Personification

    Personification is the use of human characters to represent abstract ideas, animals, or inanimate things.

    Earth trembl'd from her entrails, as again

    In pangs, and Nature gave a second groan,

    Sky lowe'r'd, and muttering Thunder, some sad drops

    Wept at completing the mortal Sin

    Original.

    - 'Paradise Lost' by John Milton (1667).

    In 'Paradise Lost', Milton portrays Nature as if it had human qualities or characteristics. Nature, thunder, and sky are given extra associated meaning because they cannot literally weep about mortal sin. The poem describes Nature as having the human trait of being able to weep. This suggests an emotional association with the image of a weeping nature.

    Connotation and denotation

    Connotative meaning is the opposite of denotative meaning, but how different are they? What happens if a writer uses denotation instead of connotative meaning to describe a scene? To answer these questions, let's start with the meaning of denotation.

    Denotative meaning

    Denotative meaning is the literal definition of a word. Unlike connotative meaning, it does not involve cultural or emotional associations to a word or phrase. Because of this, denotative meaning is also often called the literal meaning, explicit meaning, or dictionary definition.

    Denotative vs. connotative meaning in writing

    Now we know the difference between the two terms, let's use our knowledge for writing purposes!

    Let's say we are writing a scene about a man who has just arrived in Hollywood. What do you think about when you hear the word 'Hollywood'?

    • Hollywood has a denotative meaning because it is a literal place in Los Angeles.
    • Hollywood also has a connotative meaning because we associate the word Hollywood with the film industry.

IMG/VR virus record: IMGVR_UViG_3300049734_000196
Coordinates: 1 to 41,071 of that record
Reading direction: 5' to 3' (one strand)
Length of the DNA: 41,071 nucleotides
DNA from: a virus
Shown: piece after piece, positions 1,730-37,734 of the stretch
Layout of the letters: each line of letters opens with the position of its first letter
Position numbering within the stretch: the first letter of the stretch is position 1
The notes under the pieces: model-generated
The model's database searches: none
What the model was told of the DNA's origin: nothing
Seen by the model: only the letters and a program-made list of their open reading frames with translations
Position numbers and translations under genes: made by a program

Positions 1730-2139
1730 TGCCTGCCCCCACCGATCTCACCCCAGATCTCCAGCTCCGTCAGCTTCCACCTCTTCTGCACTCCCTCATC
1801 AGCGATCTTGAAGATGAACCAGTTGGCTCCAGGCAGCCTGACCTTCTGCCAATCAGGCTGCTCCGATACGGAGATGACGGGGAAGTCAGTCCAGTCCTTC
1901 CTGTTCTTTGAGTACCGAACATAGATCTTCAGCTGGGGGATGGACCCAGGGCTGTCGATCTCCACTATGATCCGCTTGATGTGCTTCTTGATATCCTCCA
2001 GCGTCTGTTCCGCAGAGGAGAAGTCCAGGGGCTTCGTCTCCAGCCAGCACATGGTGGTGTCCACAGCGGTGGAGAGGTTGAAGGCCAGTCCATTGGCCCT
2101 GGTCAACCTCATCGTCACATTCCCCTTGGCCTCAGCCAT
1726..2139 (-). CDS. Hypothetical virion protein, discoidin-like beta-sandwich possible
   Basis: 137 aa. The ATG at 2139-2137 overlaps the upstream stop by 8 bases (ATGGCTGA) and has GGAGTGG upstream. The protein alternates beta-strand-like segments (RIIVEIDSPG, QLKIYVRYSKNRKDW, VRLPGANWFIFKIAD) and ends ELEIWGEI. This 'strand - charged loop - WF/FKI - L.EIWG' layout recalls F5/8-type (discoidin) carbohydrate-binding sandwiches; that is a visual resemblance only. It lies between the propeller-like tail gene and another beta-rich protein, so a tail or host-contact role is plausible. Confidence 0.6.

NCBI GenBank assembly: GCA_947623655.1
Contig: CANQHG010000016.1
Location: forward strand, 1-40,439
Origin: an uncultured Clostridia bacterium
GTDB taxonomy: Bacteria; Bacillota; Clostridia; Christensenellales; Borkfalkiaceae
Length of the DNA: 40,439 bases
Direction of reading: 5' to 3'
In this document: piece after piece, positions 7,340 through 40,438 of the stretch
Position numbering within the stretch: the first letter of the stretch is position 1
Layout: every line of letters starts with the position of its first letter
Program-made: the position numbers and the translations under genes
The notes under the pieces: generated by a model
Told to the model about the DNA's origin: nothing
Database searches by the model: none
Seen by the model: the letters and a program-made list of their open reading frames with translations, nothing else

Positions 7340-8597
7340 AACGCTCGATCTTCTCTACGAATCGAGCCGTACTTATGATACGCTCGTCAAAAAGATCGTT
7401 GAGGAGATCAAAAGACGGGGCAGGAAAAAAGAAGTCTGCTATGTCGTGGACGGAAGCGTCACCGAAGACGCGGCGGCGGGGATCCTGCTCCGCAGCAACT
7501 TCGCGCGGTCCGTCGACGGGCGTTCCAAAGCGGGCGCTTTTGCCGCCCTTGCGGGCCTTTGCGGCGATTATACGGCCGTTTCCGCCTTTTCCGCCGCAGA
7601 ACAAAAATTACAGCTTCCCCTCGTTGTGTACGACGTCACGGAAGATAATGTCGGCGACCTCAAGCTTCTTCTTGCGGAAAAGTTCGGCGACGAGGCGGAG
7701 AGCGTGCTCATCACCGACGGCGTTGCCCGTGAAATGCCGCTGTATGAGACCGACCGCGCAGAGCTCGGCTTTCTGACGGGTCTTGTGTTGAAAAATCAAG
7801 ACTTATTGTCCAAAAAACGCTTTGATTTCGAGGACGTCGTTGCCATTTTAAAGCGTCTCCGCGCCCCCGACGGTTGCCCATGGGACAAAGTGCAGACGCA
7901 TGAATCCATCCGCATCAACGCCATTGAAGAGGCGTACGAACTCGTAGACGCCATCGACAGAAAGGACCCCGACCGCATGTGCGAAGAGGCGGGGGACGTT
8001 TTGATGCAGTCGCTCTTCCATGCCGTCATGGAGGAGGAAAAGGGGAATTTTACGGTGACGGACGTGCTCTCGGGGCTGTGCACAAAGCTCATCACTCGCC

The man could be returning to Hollywood, his home. Or, he could be an aspiring actor who hopes to 'make-it-big' in Hollywood.

    Connotative Meaning, Hollywood Meaning, StudySmarterFig. 2 - The connotative meaning of Hollywood is associated with the film industry.

    The connotative meanings a word carries can be different for different people, and we must watch out for implied or extra meanings in literature and everyday language.

    Connotative Meaning - Key takeaways

    • The definition of connotative meaning is that it explains the “extra”, associated, implied, or secondary meaning of a word.
    • Examples of words that have connotative meanings include 'rich', 'baby', and 'dinner'.
    • Types of connotative meaning include positive, negative, and neutral.
    • Forms of connotative meaning include associative, attitudinal, affective, reflected, geographical dialect-related, temporal dialect-related, and emphasis.
    • Connotative meaning in literary devices appears in metaphors, similes, metonymys, and personification.
    • The difference between connotative and denotative meaning in writing depends on the tone and setting of the story.
    Frequently Asked Questions about Connotative Meaning

    What does connotation mean?

    Connotation, or connotative words, is the range of cultural or emotional associations produced by a word or phrase.

    What are other names for connotative meaning?

    Other names for connotative meaning include associated meaning, implied meaning, or secondary meaning.

     What are the types of connotations?

    The types of connotations are positive, negative, and neutral connotations.

    What's the difference between connotative and denotative meaning?

    Denotative meaning refers to the literal definition of a word or phrase, whereas connotative meaning refers to the “extra” or associated meaning of a word or phrase.

    What is an example of connotative meaning?

    An example of connotative meaning would be the word 'blue'. Whilst the denotative (literal) meaning refers to a colour, the connotative meaning could be:


    • A negative emotion, e.g. if someone is feeling blue, they feel down or sad.
    • A positive emotion, e.g. blue could evoke feelings of serenity or calmness.

    Test your knowledge with multiple choice flashcards

    True or false - Skinny has a more negative connotation than slim.

    True or false - Interested has a more negative connotation than nosy.

    True or false - Unique has a more positive connotation than peculiar.